"Consolidation of the Statute Law. The council cannot doubt that the important subject of the consolidation of our statute book will meet with the earnest attention it deserves at the hands of the society. A certain amount of work is no doubt being done, and a number of consolidating bills will probably be brought before Parliament in its next session; but the society will feel that this is not the whole of the work to be done, nor indeed its first and most necessary portion. It is only by a proper previous expurgation of the statute book that the work of consolidation can ever be taken up with any hopes of speedy success; and it is to be hoped that the plan of operations put forward last session by the society will be vigorously pressed on the Government with a view to its immediate adoption. The plan of appointing an officer merely to revise bills as they pass through Parliament, which has been mooted of late (however valuable for the one particular object to which it is directed), cannot be considered as in any way adequate to meet the requirements of the case. What is wanted is a properly constituted board, headed by a responsible and active head, who would devote their whole time to the work, and grapple with the numerous difficulties which beset the first steps towards what ought always to be kept in view as the ultimate object-the arrangement of the whole body of our laws in one compendious code.

"Ecclesiastical courts.-The council on the subject of the Ecclesiastical Courts would only express their hope that another effort will be made during the ensuing session of Parliament to remedy the evils which have so long been complained of, but which so long have remained unredressed.

"Married women's property.-A bill has been prepared during the recess by one of our members to carry out the view of the society in reference to the question of the property of married women; this bill will receive the earnest attention of the council, and they trust that some solution of this important but difficult subject will be shortly arrived at.

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Law of Costs-Business of the Courts.

disadvantage in their competition with small companies. This is a state of things which will doubtless, at no distant time, be remedied. The council are glad to find that the society will probably have the advantage of again hearing the question of partnership law discussed by a gentleman practically acquainted with mercantile operations; and they would suggest that this opportunity might be taken to consider the principles on which the whole system of legislation respecting partnership ought to be based.

"Transfer of Land.-Not less essential to the prosperity of the community than the facile combination of capital is the cheap and easy transfer o landed property. The royal commission appointed to inquire into that important subject have not yet reported; but it is generally understood that they have fixed on a scheme which may be embodied in a legislative measure; and whenever the details of this plan are made public, they will doubtless receive the most earnest attention of the society.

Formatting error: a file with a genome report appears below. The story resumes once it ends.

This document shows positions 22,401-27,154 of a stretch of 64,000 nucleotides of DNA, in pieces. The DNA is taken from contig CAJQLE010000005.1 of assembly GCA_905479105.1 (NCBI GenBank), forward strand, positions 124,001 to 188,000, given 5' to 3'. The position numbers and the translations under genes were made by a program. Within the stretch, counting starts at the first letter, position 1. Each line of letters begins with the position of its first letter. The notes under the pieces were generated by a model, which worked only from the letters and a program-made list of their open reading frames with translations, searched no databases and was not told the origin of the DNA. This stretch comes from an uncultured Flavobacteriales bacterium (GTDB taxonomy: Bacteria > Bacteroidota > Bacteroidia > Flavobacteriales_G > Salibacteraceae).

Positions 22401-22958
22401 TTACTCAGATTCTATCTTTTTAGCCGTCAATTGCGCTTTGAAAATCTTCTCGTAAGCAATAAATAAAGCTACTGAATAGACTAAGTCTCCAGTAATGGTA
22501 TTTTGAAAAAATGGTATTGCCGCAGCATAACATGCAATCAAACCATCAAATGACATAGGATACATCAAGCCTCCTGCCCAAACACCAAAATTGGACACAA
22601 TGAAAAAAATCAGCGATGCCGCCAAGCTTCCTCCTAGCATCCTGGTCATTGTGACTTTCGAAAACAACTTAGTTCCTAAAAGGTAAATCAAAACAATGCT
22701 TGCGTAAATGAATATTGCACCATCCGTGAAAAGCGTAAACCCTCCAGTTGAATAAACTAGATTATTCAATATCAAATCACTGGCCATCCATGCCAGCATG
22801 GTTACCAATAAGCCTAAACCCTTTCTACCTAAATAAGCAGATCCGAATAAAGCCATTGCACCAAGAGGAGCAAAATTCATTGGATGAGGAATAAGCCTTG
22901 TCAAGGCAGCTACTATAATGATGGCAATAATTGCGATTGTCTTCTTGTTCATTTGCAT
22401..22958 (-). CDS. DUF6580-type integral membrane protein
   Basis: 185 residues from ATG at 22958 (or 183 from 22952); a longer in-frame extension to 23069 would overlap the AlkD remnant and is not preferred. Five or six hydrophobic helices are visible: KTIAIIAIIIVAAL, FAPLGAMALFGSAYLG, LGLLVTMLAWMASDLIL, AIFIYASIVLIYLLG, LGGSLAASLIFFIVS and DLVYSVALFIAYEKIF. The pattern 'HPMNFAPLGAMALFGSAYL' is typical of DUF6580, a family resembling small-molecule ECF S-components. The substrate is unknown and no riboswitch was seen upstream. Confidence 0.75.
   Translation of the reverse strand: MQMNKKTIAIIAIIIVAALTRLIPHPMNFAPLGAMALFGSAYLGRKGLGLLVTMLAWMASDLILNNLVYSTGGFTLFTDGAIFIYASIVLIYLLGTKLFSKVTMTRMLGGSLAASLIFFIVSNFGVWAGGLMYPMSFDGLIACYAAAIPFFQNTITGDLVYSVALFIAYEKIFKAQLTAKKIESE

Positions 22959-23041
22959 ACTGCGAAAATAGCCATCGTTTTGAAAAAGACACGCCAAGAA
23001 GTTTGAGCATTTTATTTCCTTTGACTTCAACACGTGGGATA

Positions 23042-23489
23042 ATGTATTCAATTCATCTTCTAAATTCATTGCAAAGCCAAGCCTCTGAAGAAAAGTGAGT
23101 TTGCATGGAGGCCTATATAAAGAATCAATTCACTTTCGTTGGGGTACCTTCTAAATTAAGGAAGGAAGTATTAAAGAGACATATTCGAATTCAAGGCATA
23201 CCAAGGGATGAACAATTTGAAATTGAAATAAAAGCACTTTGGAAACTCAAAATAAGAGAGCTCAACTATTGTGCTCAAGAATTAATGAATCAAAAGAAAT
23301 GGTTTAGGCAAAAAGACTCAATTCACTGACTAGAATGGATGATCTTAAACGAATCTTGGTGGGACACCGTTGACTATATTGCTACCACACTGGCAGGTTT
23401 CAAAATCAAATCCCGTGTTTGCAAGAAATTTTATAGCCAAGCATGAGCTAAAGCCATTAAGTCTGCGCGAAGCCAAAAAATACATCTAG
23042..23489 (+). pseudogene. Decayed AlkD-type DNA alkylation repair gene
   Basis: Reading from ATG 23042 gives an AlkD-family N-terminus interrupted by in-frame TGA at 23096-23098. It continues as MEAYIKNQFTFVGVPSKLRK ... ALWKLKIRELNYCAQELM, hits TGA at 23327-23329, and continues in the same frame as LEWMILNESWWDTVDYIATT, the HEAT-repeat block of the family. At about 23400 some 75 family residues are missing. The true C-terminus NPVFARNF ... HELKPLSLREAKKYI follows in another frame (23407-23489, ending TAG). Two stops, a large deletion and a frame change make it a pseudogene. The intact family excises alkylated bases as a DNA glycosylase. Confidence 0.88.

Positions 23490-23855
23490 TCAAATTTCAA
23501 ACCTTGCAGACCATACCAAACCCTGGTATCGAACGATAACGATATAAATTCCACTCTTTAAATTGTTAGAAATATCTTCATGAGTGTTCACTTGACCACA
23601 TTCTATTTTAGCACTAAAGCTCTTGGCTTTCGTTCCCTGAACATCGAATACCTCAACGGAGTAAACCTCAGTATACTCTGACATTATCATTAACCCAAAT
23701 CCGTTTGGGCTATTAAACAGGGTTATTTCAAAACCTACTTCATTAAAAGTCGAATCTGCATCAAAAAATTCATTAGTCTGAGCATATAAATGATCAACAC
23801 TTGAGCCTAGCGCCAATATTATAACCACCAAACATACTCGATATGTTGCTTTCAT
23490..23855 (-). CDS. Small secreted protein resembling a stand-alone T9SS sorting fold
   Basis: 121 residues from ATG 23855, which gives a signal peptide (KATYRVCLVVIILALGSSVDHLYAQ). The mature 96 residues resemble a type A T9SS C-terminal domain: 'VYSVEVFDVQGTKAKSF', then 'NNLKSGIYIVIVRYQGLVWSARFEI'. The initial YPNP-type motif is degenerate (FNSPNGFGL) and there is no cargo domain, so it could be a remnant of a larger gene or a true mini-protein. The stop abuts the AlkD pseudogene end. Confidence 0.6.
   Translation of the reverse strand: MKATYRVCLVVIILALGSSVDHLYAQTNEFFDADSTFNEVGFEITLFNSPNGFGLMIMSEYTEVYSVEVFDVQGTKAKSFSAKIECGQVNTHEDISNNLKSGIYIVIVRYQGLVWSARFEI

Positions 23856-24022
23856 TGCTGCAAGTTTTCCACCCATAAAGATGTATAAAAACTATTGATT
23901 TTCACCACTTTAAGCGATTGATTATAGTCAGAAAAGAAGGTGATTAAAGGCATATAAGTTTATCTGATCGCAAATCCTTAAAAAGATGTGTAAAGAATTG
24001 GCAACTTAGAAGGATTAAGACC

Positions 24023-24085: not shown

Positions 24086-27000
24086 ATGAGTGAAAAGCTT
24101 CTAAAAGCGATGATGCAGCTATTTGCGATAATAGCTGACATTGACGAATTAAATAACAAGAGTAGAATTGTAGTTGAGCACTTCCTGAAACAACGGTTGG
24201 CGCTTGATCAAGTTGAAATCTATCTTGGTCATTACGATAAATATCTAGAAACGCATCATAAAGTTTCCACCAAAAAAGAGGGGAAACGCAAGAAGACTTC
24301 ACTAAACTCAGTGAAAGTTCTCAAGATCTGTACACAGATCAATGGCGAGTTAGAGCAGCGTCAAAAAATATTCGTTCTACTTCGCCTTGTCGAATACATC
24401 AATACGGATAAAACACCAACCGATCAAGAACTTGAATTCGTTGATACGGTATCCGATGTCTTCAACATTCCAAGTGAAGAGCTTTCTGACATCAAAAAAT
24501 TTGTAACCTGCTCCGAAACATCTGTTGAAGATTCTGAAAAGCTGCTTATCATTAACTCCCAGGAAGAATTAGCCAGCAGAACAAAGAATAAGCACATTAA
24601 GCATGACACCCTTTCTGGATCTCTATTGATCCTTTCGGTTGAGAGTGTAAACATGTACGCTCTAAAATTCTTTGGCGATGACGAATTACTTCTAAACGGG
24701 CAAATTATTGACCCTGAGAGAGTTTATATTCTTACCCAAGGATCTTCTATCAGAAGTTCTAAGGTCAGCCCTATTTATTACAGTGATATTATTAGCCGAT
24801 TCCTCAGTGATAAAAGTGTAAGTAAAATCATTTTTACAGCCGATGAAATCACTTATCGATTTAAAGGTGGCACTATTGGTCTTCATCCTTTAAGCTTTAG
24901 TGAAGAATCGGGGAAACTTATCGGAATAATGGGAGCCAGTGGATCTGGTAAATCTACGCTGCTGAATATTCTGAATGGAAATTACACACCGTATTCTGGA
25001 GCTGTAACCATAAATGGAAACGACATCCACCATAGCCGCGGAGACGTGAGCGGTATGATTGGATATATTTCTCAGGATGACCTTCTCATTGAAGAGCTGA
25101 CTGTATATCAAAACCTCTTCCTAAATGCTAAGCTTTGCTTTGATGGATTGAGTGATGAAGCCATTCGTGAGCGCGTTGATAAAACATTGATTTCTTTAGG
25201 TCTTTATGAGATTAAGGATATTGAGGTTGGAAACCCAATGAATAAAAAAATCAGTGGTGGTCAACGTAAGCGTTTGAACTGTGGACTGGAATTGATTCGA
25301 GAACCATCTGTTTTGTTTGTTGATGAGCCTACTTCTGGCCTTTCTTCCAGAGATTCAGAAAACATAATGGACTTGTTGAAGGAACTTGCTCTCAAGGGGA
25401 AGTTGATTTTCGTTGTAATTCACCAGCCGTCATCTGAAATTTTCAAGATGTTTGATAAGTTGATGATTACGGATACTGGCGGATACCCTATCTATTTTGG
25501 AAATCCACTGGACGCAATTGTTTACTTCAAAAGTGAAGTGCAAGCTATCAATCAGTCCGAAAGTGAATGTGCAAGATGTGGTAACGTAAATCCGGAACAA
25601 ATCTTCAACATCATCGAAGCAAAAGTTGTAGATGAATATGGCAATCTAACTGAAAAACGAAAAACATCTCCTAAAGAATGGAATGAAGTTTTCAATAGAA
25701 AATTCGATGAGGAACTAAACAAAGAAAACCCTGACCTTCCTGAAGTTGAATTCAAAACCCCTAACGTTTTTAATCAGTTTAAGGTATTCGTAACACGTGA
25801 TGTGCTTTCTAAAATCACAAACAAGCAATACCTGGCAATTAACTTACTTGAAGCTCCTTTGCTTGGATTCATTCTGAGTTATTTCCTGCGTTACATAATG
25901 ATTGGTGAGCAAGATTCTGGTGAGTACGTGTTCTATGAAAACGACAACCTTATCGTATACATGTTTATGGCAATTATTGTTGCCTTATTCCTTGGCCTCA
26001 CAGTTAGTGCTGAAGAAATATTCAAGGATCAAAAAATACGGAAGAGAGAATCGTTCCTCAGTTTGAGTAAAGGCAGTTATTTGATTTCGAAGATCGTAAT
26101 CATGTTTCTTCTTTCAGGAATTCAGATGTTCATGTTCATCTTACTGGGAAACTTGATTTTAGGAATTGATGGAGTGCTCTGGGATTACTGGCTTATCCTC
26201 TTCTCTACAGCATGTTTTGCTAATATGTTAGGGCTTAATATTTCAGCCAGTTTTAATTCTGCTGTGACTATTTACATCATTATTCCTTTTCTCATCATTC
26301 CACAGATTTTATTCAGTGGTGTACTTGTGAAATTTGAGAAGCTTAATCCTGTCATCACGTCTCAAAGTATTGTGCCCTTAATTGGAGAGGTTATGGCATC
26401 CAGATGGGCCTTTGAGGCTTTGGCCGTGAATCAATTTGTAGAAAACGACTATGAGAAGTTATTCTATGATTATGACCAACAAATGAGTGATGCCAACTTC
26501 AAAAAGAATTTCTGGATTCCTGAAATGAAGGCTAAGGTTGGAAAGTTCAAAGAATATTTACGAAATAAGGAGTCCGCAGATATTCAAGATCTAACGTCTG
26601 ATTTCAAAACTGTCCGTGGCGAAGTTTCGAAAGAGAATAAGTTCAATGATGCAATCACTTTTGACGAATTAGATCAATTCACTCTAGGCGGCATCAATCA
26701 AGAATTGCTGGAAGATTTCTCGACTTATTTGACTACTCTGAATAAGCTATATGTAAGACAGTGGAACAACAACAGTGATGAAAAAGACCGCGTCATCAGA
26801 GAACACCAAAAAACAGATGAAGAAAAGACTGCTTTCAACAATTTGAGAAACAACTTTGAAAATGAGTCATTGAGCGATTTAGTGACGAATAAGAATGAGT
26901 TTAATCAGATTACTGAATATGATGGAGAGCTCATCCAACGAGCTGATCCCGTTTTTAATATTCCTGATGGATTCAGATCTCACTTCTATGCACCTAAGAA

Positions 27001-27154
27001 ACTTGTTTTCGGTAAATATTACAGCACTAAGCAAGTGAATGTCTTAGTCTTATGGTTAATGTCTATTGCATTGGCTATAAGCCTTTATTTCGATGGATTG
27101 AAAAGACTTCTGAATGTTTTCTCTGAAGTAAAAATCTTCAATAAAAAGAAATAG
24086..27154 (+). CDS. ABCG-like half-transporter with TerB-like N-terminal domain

"Law Reporting.-In regard to matters of less wide import, the council are able to state that a report on the subject of law reporting will shortly be made to the society by the committee appointed some time since for that purpose. The discussion on it will probably be taken at an early day.

"Lex Loci.-A report will also shortly appear on an interesting subject; that of the necessity of a lex loci for British India. A number of able men, peculiarly well qualified to give an opinion on this topic, are considering it in the committee appointed at the end of last session; and though the council will not anticipate their decision, it is believed that they will report in favour-at any rate in a great degree of the recommendations of the minority of the late Indian Commission.

"The council would, in conclusion, state that as there never was a time when the society was more flourishing and more influential, so it now peculiarly rests on the members generally to maintain its reputation and extend its strength by giving to its operations their united and vigorous support. It may be a matter for consideration whether a closer union, at least at certain periods, with those who are prosecuting action and inquiry on other branches of that great science of social economics of which law amendment forms one of the most valuable parts, might not conduce to a larger appreciation of our views by the bulk of the nation, and a more rapid accomplishment of the objects at which we aim. Such a connexion we have already formed in some degree with the National Reformatory Union, and the happy results of that step would seem to point to the pursuance of a similar course with other kindred societies. In any such union it would of course be essential to keep our own Government independent, and our own views distinct."


peared that this neglect had occurred in consequence of the illness of one of the plaintiff's solicitors, and through the omission of the managing clerk. On the hearing of the motion for an injunction on January 31, a printed copy of the will was provided for the use of the court, and supplied to the defendant's solicitors, and also to counsel.

The Master of the Rolls said: "I have been considering the case, and I think if it is a mere slip, the plaintiff ought, on payment of the costs, to be allowed to amend it. If I did not allow this, the only consequence would be this: that the plaintiff would put the same bill on the file to-morrow, renew the motion for an injunction the day after, and re-swear all the affidavits. What struck me was this: the bill was really printed, and copies were in court at the time the motion was heard. The only question is, whether the general order of the court is imperative on me, so that I cannot order the bill to be filed nunc pro tunc."